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Experienced players and smart new faces

With the election behind us, it's a good time to take a look, in no particular order, at some of the emerging political figures who were on the ballot:

On the way up:

* Doug Skaff. The Kanawha County Democratic delegate led the ticket in his district in each of the last three elections.

Skaff established himself as the de-facto leader of the Kanawha County delegation when he negotiated a break-up of the old 30th district during redistricting.

* Erikka Storch. A moderate Republican Delegate from Ohio County who is the chief financial officer of a steel company, but also has the backing of labor.

She has led the ticket in her district the last two elections.

* Eric Nelson. Another moderate Republican, Nelson won his second term in the House of Delegates in Kanawha County. Nelson is a successful businessman whose father served briefly in the Legislature.

One political observer says Nelson is "young, likes politics and has ambition."

* Democrat Josh Stowers. was the ticket leader in the 22nd delegate district (Lincoln, Logan, Boone, Putnam) to win his third term.

Stowers brings youth and enthusiasm from a part of the state that needs fresh faces in politics.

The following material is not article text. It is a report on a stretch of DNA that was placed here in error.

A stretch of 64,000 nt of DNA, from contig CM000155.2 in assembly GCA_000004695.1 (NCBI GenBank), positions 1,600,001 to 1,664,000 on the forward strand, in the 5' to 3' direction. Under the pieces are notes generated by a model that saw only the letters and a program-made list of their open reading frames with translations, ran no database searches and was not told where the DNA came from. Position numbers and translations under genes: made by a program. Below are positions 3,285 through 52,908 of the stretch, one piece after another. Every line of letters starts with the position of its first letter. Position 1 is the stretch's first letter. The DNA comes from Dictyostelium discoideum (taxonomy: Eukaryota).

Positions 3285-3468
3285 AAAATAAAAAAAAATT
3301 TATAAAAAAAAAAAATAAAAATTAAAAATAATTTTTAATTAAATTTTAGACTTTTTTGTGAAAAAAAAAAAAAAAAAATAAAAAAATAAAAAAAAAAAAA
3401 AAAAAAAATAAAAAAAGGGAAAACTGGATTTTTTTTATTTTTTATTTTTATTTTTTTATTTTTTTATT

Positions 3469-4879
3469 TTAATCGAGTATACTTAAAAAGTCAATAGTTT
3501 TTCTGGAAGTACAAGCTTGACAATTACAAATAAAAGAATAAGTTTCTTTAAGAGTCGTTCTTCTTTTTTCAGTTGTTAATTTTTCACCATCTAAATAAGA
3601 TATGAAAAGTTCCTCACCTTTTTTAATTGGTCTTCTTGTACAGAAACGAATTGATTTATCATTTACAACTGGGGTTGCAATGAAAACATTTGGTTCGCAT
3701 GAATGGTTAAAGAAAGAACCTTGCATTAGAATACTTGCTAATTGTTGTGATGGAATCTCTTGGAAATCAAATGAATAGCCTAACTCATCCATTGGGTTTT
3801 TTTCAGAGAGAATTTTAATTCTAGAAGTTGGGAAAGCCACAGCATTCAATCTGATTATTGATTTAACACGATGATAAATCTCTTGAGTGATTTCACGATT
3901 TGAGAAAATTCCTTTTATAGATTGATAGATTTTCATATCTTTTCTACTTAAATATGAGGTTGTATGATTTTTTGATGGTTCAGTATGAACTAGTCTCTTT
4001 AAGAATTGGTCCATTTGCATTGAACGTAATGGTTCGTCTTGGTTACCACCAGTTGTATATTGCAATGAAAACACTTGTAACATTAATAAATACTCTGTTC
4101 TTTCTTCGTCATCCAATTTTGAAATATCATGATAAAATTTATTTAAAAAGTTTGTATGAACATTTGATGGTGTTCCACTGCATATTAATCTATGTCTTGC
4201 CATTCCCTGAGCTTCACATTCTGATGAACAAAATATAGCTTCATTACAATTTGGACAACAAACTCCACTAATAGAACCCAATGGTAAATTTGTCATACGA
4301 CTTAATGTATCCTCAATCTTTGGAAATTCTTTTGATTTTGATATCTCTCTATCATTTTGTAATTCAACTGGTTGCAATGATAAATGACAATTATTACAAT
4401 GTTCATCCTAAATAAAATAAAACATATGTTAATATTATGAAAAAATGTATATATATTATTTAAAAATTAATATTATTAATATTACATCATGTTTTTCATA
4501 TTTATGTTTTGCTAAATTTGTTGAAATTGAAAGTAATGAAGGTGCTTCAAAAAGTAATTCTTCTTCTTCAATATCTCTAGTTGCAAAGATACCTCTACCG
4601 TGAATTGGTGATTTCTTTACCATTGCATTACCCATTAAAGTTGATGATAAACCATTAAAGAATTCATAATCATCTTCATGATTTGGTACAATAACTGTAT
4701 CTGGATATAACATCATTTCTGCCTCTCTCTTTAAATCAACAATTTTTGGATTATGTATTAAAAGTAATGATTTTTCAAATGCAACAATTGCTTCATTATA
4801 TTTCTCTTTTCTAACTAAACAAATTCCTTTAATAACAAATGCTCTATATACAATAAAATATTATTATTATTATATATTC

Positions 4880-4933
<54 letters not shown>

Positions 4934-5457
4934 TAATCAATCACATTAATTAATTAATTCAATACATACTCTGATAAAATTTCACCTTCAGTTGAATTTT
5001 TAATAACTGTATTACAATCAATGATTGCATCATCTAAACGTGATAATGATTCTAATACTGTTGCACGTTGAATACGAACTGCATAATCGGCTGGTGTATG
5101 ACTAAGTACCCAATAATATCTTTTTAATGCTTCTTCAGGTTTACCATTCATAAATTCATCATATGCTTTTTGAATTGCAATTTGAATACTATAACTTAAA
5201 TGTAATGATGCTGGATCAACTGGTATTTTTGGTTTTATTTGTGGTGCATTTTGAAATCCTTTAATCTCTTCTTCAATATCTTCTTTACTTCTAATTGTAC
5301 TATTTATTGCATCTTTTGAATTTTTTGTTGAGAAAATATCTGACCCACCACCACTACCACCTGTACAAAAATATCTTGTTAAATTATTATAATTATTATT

* Doug Reynolds. Democratic leaders believe this Huntington attorney has statewide potential.

Reynolds led the ticket in his district and was re-elected to his fourth term.

Brand new:

* Joshua Nelson. Nelson is a 25-year-old former Marine turned coal miner who ran as a Republican in Democrat-dominated Boone County.

Even Nelson's father told him he was crazy to run, but he beat incumbent Democrat Delegate Larry Barker 63 percent to 37 percent.

* Stephen Skinner. This Jefferson County attorney is young, smart and outspoken.

Skinner, a Democrat, won a House seat and could be part of the emerging power shift to West Virginia's Eastern Panhandle.

* Bill Cole. This Republican car dealer from Bluefield spent heavily, campaigned hard and defeated incumbent Democrat Mark Wills in the Senate's 6th district (McDowell, Mercer, Mingo, Wayne), which had been drawn to guarantee Democratic control.

Cole, at 56, is not exactly a young gun, but he has means and now a state Senate seat.

* Suzette Raines. Yet another moderate Republican who claimed a House seat in Kanawha County and, in the process, helped knock out two long-serving Democrats - Bobbie Hatfield and Bonnie Brown.

* Patrick Morrisey. The best way for a Republican to win statewide office in West Virginia is to run against a McGraw.

Brent Benjamin did it in 2004 when he defeated Democrat Warren McGraw for the state Supreme Court and Morrisey did it when he defeated Warren's brother, Darrell, in the attorney general's race.

* Allen Loughry. The conventional wisdom was that Democrat Tish Chafin would take the second position in this year's state Supreme Court race.

The smart, likeable Loughry never bought into that and won with shoe leather and wholesome TV ads that somehow managed not to be corny.

These are just a few names that come to mind after consulting with political observers in the state.

Kercheval is host of TalkLine, broadcast by the MetroNews Statewide Radio Network from 10 a.m. to noon Monday through Friday. The show can be heard locally on WCHS 580 AM.


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